University of Tartu students can graduate despite emergency situation ({{contentCtrl.commentsTotal}})

Aune Valk, Vice Rector for Academic Affairs of the University of Tartu, confirms that life at the university goes on despite the emergency situation and high-quality teaching and research activities continue. The university is ready to provide individual solutions to difficulties students may face.

Valk says that nobody should worry that they cannot graduate or defend their thesis because of the emergency situation. The same can be said about the entrance to the university: everybody who wants to start their studies at the university will get a chance to apply.

Due to the emergency situation, the University of Tartu had to cancel the academic test scheduled for March 21 and April 4, but this does not concern all applicants.

"It is a pity that we had to cancel the academic test. This year, a record number of people – more than 2500 – planned to take the test. This demonstrates great interest in studying at the University of Tartu," said Valk, and added: "The only way is to move on with life and find new solutions".

Whether the university will organise the academic test in early summer for admission under special conditions will be decided by May 1 at the latest. "If we have to make more changes to admissions to bachelor's studies, we will inform the public at the first opportunity," promised Valk. Admissions to master's and doctoral studies are planned to follow the announced timeframe.

Work at the university is organised with the aim not to let the emergency situation interfere with anyone's plan to graduate. "We are ready to postpone graduations and defences to August if it comes to that. Doctoral defences are done by video broadcast," said the Vice Rector for Academic Affairs.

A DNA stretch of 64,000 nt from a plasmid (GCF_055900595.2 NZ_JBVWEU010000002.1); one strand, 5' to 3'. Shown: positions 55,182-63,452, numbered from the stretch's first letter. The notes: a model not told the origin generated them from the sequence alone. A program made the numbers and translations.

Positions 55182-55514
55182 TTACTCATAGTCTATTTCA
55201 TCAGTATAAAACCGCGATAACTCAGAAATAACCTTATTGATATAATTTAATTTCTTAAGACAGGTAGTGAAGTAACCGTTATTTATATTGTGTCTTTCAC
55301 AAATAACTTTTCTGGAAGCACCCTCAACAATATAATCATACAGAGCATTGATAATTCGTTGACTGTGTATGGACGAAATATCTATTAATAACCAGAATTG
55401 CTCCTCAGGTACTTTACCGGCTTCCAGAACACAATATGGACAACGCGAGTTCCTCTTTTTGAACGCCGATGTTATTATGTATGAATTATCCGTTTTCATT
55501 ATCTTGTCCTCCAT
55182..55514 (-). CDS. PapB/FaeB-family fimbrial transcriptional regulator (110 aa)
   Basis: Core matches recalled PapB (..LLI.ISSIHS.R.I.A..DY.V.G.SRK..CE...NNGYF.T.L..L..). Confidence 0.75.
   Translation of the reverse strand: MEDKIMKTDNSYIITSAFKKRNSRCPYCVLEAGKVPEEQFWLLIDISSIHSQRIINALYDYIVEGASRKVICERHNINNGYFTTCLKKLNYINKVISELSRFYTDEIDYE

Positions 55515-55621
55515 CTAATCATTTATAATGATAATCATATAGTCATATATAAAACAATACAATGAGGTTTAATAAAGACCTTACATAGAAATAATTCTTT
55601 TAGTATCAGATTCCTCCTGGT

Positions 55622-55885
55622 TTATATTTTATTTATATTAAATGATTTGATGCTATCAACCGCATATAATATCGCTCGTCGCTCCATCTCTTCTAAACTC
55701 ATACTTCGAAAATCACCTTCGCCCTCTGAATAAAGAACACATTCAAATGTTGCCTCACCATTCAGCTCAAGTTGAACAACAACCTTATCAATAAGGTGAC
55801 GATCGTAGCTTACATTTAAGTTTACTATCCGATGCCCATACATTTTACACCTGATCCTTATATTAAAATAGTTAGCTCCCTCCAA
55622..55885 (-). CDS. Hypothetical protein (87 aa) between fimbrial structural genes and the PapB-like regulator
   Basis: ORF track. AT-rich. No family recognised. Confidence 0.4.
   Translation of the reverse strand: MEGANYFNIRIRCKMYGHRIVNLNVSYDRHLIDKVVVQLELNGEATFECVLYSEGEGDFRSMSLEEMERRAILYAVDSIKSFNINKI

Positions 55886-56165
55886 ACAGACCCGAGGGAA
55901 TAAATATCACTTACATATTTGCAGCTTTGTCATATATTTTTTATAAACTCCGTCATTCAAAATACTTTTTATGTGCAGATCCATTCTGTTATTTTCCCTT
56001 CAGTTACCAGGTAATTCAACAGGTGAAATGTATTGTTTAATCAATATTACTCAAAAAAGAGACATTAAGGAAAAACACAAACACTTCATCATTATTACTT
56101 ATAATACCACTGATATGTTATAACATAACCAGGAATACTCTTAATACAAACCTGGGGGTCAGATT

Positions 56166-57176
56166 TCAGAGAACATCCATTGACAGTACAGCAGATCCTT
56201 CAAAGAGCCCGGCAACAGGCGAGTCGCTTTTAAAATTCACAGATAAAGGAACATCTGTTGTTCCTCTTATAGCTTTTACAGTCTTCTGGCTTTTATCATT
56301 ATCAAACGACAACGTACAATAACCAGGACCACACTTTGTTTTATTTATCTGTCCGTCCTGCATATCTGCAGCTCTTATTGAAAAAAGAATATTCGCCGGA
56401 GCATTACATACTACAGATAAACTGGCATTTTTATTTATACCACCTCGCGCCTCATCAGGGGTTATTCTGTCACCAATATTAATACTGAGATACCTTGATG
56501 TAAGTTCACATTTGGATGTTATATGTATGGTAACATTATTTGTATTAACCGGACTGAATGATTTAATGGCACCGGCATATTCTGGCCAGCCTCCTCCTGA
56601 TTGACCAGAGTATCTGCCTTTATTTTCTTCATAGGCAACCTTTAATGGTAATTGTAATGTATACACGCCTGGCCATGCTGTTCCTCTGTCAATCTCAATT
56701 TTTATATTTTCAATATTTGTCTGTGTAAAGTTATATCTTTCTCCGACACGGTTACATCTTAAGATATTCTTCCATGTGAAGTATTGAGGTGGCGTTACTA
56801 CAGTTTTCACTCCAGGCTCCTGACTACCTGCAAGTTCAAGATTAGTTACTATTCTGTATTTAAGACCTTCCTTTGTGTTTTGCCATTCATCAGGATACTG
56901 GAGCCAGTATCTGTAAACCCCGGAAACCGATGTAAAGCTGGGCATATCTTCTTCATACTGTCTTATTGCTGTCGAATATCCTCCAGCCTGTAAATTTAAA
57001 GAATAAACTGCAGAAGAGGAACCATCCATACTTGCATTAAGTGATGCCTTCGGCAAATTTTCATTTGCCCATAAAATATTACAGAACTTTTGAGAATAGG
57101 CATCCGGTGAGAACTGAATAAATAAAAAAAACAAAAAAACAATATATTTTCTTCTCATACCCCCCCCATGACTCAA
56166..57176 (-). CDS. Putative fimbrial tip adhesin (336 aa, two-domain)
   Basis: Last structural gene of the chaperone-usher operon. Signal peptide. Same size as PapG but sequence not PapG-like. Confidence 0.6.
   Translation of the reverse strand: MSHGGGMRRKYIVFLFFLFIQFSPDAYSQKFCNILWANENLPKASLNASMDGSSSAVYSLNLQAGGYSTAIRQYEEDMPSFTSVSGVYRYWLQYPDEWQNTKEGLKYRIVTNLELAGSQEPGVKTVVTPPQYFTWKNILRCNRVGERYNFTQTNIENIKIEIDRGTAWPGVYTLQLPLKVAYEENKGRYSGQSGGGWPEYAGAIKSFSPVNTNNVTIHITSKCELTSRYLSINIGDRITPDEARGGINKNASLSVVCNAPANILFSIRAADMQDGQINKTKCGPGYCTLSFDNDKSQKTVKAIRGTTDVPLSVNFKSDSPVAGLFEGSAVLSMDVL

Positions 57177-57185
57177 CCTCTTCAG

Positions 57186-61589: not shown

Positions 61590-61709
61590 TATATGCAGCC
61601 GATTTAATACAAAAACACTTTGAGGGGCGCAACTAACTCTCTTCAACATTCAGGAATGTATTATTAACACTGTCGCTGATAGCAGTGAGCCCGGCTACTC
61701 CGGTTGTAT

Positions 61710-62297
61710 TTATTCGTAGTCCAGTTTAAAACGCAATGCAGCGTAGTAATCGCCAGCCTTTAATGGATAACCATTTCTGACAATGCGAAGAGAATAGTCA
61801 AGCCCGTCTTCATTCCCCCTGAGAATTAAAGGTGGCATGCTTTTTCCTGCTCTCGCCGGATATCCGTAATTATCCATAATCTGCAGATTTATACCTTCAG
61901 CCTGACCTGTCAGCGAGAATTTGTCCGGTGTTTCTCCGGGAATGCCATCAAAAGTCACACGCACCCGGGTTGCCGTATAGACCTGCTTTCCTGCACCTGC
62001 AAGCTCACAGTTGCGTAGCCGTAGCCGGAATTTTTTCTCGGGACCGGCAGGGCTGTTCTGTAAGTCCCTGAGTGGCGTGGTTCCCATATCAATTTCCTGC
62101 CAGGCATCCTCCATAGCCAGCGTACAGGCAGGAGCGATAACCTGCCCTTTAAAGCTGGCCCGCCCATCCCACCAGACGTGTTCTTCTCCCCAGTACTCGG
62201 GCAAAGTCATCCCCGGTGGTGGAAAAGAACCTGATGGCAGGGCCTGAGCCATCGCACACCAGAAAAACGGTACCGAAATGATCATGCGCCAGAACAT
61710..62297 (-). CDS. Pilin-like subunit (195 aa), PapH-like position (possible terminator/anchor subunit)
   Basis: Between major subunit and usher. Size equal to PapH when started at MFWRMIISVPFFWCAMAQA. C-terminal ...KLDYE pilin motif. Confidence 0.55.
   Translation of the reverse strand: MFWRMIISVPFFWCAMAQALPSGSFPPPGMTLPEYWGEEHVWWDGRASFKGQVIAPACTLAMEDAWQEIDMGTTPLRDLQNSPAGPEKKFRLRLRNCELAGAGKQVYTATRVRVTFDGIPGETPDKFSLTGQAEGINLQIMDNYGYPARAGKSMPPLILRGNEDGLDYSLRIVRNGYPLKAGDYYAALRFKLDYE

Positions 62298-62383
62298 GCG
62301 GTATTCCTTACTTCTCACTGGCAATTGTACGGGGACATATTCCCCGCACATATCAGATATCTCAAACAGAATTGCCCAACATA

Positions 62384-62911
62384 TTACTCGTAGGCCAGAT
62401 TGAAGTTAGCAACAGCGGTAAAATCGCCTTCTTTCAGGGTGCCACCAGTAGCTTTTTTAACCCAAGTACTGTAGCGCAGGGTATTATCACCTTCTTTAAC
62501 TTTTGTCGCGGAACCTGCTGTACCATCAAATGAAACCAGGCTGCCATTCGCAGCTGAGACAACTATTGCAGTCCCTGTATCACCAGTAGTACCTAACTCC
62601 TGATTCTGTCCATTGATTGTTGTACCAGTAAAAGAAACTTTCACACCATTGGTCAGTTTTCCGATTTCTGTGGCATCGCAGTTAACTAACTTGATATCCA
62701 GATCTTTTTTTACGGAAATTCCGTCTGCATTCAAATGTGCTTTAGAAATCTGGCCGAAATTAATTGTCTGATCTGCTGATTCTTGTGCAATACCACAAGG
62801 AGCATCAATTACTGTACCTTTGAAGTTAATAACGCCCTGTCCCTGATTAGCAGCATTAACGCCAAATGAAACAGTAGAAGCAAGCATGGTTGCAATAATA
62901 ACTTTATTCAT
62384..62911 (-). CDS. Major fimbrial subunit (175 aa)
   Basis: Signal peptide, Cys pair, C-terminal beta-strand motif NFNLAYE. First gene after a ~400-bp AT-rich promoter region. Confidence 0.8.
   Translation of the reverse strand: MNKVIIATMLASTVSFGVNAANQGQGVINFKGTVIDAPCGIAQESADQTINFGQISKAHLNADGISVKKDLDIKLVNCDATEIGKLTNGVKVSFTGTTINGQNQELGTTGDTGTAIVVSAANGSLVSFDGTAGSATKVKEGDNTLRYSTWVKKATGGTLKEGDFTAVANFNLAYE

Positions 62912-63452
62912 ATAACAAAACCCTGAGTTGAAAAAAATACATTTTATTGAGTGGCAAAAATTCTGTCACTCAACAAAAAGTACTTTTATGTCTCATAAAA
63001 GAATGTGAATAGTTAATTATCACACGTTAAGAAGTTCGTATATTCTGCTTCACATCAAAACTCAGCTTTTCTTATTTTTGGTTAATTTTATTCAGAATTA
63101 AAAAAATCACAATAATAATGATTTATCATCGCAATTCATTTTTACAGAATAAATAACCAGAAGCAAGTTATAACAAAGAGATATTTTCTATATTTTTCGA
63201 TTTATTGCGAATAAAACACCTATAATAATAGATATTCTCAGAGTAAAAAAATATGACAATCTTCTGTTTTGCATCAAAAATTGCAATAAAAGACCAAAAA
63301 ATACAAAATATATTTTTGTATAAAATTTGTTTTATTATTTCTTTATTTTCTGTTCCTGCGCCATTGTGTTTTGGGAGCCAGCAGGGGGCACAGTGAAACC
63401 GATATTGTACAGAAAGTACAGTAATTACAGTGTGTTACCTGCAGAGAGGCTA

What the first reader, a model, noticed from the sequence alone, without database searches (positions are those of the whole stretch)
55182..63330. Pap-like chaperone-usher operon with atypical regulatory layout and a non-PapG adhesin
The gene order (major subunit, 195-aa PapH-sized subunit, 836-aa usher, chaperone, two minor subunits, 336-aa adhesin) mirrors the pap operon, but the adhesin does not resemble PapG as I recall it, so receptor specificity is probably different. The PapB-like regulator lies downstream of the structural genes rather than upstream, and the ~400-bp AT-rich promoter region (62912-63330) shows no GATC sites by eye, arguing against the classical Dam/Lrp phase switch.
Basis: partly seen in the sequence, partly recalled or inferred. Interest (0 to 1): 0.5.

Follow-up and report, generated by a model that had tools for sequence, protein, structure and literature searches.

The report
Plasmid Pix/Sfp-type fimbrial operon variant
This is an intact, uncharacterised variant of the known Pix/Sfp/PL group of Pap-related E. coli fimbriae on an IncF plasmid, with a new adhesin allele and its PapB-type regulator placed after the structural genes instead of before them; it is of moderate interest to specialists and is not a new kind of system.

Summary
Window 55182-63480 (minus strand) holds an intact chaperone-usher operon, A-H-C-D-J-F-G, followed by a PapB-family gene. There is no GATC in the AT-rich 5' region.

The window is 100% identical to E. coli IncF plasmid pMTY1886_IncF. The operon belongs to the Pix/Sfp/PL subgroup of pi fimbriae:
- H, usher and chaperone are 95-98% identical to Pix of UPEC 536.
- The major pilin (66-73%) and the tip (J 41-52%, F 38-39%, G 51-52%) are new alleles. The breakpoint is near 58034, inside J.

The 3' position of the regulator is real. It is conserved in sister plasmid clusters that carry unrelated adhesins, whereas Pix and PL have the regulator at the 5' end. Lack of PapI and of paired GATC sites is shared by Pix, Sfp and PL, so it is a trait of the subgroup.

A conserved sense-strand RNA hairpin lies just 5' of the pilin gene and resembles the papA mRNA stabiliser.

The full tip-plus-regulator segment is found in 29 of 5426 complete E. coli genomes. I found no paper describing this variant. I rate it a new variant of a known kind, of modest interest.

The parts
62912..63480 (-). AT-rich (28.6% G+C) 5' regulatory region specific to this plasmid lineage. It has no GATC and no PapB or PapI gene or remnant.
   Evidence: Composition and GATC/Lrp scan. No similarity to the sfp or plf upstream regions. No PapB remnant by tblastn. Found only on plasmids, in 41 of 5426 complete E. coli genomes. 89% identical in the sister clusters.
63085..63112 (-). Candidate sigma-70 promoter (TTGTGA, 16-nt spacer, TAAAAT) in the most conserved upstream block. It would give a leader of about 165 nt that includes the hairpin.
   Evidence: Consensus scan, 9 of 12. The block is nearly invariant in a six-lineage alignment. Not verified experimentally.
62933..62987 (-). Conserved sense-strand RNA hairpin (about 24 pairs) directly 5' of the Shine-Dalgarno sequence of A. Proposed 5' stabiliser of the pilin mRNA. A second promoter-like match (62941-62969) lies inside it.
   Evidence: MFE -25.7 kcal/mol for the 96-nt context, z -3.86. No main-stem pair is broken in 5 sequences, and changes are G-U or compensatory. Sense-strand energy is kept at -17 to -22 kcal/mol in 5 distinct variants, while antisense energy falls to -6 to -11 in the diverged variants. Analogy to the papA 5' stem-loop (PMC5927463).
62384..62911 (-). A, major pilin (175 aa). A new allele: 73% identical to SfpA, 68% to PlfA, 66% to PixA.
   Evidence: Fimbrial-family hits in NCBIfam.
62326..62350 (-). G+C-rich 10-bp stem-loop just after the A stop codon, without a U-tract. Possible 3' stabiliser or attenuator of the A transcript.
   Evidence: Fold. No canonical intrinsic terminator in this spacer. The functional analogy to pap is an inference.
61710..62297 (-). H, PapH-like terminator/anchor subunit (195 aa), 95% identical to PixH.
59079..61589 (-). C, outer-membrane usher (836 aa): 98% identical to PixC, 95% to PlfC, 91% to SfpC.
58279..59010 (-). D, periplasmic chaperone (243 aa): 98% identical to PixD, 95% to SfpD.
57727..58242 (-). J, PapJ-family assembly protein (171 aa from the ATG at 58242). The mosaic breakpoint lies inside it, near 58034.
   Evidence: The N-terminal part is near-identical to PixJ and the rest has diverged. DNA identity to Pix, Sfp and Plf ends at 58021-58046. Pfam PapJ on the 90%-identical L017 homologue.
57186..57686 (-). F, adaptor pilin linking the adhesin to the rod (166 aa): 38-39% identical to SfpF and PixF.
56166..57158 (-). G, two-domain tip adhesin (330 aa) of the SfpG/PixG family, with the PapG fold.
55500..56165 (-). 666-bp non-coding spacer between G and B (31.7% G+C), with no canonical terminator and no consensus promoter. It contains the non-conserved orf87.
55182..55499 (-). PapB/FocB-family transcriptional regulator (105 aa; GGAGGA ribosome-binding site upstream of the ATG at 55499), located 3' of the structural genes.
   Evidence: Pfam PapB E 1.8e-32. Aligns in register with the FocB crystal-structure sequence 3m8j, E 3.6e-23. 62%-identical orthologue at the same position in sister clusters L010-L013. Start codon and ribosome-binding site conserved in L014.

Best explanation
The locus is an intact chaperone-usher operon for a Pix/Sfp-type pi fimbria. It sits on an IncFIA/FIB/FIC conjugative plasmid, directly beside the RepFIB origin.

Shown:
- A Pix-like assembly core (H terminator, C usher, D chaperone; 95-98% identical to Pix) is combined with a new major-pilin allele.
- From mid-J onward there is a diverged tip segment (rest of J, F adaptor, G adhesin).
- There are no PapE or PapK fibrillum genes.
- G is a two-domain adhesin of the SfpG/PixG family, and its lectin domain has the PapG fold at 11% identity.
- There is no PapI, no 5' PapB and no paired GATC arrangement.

She admits that organising practical courses normally taking place in a laboratory, hospital or another face-to-face setting is the greatest challenge in the current situation. Many questions are coming from foreign students and students temporarily abroad. "We are trying to find individual solutions to all difficulties students may face," Valk said, emphasising that high-quality teaching and research activities at the University of Tartu continue despite the emergency situation declared by the government.

Lehti Pilt, Senior Specialist for Educational Technology of the University of Tartu, agrees: "Even before the emergency situation was declared, about 70 percent of courses of the University of Tartu had online support, and we are strongly moving forward in this direction. For instance, over the last weekend, 30 new e-courses were created, helping students to acquire knowledge by distance learning."

"To substitute face-to-face classes with e-learning and to better support students' individual work, our teaching staff members are working hard to add online support to their courses. Online seminar tool is used for almost 360 e-courses of the University of Tartu and about one hundred courses that did not have video lectures before have now started recording them," described Pilt.

Also, the University of Tartu continues to offer e-learning opportunities for pupils and adult learners. Several interesting massive open online courses are starting in the coming weeks, free for everybody: "Artificial Intelligence Entry-level Course" (in Estonian), "Religious Fundamentalism and Radical Politics" (in Estonian), "Security in the Baltic Sea Region" and "Estimation of Measurement Uncertainty in Chemical Analyses". For more information and the registration link, see moocs.ut.ee.

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Editor: Helen Wright

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